Unlike most other Ibero-Romance varieties, Aragonese has partitive and locative clitic pronouns derived from the Latin inde and ibi: en/ne and bi/i/ie.

Such pronouns are present in most major Romance languages (Catalan en and hi, Occitan ne and i, French en and y, and Italian ne and ci/vi).

Aragonese was not written until the 12th and 13th centuries; the history Liber Regum,[17] Razón feita d'amor,[17] Libre dels tres reys d'orient,[17] and Vida de Santa María Egipcíaca date from this period,[17][18] there is also an Aragonese version of the Chronicle of Morea, differing also in its content and written in the late 14th century called Libro de los fechos et conquistas del principado de la Morea.

Since 1500, Spanish was the cultural language of Aragon; many Aragonese wrote in Spanish, and during the 17th century the Argensola brothers went to Castile to teach Spanish.[19] Aragonese became a popular village language.[20] During the 17th century, popular literature in the language began to appear. In a 1650 Huesca literary contest, Aragonese poems were submitted by Matías Pradas, Isabel de Rodas and "Fileno, montañés"., July 2016

The 19th and 20th centuries have seen a renaissance of Aragonese literature in several dialects. In 1844, Braulio Foz' novel Vida de Pedro Saputo was published in the Almudévar (southern) dialect. The 20th century featured Domingo Miral's costumbrist comedies and Veremundo Méndez Coarasa's poetry, both in Hecho (western) Aragonese; Cleto Torrodellas' poetry and Tonón de Baldomera's popular writings in the Graus (eastern) dialect and Arnal Cavero's costumbrist stories and Juana Coscujuela' novel A Lueca, historia d'una moceta d'o Semontano, also in the southern dialect.

The 1997 Aragonese Law of languages stipulated that Aragonese (and Catalan) speakers had a right to the teaching of and in their own language.[21] Following this, Aragonese lessons started in schools in the academic year 1997/98.[21] It was originally taught as an extra-curricular, non-evaluable voluntary subject in four schools.[22] However, whilst legally schools can choose to use Aragonese as the language of instruction, as of the academic year 2013/14, there are no recorded instances of this option being taken in primary or secondary education.[22] In fact, the only current scenario in which Aragonese is used as the language of instruction is in the university course of Aragonese Philology, which is optional, taught over the summer and still only given in Aragonese in some of the lectures.[22]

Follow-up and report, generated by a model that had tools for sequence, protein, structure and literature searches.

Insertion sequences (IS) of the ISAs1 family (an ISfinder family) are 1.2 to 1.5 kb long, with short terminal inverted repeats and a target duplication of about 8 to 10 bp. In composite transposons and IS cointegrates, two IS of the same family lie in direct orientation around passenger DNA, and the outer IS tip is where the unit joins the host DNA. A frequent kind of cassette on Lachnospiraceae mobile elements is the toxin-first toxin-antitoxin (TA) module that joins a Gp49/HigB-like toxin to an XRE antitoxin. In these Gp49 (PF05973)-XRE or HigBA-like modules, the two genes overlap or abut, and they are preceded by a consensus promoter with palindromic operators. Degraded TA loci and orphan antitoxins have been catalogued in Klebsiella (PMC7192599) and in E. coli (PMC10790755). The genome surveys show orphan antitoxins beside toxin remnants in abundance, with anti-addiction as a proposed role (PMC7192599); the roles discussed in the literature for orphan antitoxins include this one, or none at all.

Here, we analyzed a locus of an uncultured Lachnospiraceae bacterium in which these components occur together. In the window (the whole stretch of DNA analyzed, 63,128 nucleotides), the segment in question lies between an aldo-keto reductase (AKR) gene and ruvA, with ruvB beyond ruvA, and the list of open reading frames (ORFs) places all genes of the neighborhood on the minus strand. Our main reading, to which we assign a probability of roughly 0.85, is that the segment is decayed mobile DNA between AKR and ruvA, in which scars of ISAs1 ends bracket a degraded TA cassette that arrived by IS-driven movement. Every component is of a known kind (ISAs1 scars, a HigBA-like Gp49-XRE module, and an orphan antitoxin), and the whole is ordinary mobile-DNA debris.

In pre-school education, students whose parents wish them to be taught Aragonese receive between thirty minutes to one hour of Aragonese lessons a week.[22] In the 2014/15 academic year there were 262 students recorded in pre-school Aragonese lessons.[22]

The subject of Aragonese now has a fully developed curriculum in primary education in Aragon.[22] Despite this, in academic year 2014/2015 there were only seven Aragonese teachers in the region across both pre-primary and primary education and none hold permanent positions, whilst the number of primary education students receiving Aragonese lessons was of 320.[22]